Likewise, one must ask: “Is the Hungarian accent important?” How important can it be when both Arrow Cross officers and Hungarian Jews being persecuted by them are speaking in the same accent? It seems to me that the use of accents, their power and their importance in Holocaust themed films is a topic worth re-examining. Furthermore, if Kevin Costner can get away with playing Robin Hood with an American accent rather than an English accent in the major motion picture “Robin Hood: Prince of Thieves” (1991), then we can forgive the less than perfect accents in this film as well. My thinking, at this point, is that one either uses the language of the country in which the film is taking place or one forgets about accents altogether.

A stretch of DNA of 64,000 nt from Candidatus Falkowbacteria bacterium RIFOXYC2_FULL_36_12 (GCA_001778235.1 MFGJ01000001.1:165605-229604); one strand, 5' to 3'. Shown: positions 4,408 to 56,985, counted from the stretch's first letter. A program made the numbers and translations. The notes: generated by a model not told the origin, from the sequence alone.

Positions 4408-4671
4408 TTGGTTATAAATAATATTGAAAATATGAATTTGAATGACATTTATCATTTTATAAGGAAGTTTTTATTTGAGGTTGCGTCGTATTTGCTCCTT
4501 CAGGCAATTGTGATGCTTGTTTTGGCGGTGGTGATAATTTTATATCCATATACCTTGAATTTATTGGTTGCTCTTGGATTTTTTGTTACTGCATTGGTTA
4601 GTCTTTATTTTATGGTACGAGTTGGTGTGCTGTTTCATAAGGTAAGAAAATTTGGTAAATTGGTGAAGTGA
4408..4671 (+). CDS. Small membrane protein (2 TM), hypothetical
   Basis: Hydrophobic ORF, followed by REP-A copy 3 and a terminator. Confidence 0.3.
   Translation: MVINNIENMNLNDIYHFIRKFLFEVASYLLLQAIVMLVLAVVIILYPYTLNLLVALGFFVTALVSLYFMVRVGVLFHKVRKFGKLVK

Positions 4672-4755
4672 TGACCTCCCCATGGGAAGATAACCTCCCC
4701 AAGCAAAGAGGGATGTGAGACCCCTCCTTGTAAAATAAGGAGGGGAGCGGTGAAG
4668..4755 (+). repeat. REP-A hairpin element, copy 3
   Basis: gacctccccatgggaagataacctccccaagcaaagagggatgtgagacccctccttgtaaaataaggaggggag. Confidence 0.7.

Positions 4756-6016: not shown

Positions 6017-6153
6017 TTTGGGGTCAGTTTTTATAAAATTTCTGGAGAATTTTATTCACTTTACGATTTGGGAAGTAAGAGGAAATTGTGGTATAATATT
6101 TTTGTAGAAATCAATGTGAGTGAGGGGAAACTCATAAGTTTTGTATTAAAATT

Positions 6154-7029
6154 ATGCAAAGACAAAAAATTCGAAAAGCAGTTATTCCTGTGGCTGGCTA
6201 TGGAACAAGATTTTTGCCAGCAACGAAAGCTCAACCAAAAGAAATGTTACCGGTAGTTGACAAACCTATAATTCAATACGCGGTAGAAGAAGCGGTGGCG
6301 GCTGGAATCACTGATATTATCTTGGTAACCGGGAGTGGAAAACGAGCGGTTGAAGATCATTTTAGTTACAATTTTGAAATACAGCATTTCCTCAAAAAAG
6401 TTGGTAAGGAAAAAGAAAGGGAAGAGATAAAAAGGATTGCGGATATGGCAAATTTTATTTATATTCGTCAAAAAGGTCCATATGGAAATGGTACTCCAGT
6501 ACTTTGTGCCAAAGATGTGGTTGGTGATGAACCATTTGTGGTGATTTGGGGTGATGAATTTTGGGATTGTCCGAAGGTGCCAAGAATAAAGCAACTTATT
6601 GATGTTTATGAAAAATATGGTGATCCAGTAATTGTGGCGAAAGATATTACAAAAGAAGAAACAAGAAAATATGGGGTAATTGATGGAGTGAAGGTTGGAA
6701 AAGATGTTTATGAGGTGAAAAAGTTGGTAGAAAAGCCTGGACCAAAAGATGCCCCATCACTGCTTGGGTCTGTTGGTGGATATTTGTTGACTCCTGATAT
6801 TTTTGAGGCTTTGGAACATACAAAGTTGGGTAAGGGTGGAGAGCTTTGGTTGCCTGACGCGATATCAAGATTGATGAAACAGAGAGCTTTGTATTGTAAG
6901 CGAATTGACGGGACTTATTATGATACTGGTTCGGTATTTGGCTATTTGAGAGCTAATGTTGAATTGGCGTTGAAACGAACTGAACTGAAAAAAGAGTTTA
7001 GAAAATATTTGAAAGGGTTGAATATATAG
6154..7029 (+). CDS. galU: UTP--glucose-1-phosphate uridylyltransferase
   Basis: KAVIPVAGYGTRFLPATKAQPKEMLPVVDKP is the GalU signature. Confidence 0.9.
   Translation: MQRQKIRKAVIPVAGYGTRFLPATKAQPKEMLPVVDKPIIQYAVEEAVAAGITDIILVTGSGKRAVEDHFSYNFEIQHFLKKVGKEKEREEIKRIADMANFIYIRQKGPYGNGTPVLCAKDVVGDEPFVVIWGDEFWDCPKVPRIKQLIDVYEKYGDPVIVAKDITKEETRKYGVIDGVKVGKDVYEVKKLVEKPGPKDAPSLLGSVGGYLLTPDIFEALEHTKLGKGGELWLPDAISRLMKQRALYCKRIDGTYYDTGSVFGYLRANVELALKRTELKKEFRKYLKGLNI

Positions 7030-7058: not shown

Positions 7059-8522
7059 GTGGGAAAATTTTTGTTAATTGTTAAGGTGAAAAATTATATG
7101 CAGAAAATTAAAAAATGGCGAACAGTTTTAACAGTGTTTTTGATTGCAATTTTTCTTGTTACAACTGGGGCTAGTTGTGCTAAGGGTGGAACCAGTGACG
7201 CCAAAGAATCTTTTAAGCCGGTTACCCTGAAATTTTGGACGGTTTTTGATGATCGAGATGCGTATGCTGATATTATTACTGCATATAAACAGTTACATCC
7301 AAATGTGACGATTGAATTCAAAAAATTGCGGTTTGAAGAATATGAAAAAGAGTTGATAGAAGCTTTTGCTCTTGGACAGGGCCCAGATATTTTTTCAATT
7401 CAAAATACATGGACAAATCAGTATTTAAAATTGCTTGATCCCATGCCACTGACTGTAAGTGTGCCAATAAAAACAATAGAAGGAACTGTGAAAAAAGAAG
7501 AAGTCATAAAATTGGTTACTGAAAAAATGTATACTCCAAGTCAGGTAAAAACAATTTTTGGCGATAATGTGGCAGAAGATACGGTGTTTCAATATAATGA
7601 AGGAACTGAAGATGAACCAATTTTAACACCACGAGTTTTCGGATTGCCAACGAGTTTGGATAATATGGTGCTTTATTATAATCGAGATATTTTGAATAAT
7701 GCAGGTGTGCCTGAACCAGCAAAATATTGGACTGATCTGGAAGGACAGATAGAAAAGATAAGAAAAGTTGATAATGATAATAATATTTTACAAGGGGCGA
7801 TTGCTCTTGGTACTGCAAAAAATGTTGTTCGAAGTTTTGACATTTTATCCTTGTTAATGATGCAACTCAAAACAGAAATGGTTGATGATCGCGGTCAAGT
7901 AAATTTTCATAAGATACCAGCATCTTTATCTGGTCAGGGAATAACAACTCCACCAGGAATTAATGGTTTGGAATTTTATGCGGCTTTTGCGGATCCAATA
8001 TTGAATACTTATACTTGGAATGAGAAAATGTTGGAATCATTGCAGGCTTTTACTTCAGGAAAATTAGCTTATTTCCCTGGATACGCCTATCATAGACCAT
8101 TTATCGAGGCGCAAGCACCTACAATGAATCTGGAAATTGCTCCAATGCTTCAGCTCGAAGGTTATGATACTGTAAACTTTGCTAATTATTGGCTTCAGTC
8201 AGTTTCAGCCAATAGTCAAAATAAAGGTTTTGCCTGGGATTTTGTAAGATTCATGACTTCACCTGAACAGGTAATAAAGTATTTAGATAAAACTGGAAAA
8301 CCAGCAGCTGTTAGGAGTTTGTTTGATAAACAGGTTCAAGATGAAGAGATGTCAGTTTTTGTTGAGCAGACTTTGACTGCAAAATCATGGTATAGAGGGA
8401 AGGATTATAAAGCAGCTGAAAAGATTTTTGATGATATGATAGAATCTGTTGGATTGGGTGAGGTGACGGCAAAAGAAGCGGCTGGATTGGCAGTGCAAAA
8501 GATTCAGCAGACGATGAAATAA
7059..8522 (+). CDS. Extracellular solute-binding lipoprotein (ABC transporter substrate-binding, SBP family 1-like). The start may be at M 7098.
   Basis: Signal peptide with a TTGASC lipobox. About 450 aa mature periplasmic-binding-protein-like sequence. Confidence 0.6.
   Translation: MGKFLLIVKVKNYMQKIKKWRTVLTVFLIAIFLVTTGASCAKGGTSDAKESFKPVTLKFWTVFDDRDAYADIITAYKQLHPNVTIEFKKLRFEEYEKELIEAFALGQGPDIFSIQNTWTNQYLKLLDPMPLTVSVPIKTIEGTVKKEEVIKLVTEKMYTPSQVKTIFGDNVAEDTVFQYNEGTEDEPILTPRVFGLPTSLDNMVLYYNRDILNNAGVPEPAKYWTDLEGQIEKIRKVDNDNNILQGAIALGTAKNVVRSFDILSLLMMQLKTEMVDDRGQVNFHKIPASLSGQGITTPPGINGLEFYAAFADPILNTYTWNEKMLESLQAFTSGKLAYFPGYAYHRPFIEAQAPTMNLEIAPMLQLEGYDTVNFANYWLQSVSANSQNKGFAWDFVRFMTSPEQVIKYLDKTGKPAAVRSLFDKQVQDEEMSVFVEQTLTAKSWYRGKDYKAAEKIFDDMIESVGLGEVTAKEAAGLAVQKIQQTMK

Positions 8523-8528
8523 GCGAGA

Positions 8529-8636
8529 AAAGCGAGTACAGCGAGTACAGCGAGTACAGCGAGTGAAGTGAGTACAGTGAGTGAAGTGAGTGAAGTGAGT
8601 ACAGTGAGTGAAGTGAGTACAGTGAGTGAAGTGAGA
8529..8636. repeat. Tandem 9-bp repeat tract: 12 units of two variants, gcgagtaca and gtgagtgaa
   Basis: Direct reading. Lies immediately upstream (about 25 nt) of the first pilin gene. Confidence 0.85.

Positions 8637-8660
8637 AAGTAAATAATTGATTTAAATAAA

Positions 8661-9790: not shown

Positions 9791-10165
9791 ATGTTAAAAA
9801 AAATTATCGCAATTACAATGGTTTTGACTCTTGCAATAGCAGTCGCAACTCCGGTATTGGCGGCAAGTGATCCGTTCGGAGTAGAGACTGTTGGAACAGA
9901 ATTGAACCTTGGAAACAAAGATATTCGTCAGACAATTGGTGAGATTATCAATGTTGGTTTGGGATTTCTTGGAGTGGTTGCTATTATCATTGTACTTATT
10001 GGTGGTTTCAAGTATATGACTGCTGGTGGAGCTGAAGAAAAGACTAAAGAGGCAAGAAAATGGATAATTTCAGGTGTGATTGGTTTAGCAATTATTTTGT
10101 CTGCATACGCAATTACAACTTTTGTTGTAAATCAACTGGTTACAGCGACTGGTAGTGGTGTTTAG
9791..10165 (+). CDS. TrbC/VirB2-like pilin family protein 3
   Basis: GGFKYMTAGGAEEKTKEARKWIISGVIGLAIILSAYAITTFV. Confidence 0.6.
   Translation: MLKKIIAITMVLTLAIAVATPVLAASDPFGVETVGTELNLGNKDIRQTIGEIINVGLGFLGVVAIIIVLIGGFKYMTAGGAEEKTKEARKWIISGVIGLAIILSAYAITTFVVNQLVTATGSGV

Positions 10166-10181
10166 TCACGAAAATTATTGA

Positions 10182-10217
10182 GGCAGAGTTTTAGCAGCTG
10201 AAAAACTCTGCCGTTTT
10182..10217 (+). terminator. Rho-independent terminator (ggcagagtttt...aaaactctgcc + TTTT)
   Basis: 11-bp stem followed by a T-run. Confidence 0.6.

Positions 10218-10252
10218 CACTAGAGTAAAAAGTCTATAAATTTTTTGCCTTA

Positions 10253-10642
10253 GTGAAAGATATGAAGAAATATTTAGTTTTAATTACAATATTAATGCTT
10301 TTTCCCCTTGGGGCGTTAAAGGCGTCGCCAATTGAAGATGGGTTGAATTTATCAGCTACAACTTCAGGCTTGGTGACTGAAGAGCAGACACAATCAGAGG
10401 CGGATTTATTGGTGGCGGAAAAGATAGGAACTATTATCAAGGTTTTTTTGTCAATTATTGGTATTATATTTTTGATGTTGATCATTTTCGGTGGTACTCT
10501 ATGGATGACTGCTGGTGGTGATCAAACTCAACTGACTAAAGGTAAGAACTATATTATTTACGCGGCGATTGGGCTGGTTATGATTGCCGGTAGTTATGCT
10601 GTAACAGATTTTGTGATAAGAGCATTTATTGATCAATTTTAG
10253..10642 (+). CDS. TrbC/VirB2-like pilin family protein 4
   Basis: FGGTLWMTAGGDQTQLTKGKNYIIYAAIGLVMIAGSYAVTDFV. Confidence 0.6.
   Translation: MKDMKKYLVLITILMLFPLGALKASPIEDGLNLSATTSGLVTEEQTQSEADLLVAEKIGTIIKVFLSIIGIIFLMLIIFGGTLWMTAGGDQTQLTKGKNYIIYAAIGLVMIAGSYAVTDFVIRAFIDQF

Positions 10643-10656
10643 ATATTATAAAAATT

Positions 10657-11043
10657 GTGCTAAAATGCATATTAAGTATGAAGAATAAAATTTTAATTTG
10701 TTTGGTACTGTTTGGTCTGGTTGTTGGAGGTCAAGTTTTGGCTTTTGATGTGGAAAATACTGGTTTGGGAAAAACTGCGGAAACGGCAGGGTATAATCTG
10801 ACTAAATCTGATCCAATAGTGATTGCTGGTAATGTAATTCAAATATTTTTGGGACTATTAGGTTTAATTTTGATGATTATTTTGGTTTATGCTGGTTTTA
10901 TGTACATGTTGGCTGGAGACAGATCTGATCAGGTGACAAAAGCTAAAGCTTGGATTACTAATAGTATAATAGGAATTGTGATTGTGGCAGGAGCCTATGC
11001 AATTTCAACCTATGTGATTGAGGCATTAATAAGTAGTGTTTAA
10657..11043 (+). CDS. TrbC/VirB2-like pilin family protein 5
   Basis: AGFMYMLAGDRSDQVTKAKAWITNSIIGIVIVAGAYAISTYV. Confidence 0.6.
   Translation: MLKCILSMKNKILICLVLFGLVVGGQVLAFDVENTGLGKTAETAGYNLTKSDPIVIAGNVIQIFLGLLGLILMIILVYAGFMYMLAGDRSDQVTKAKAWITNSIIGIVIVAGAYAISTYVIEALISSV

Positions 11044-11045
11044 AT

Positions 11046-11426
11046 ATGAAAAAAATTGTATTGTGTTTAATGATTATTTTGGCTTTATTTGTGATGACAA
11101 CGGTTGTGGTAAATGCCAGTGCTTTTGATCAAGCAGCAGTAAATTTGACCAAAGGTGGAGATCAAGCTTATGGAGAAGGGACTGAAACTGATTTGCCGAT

As has been pointed out by other film critics (such as Richard Roeper), the scenes in which Elek points a gun at other soldiers may appear to stretch believability. While the film is based on actual events and the real life experiences of Pinchas Tibor Rosenbaum, I have also wondered whether this part is authentic or a Hollywood embellishment. Given the high degree of discipline, regiment and respect for authority with which soldiers are trained under fascist regimes (i.e., Arrow Cross or Nazis), it does seem questionable that he would have gotten away with such behavior. The film has been criticized for this and other aspects for being too “Hollywood” and having too many clichés.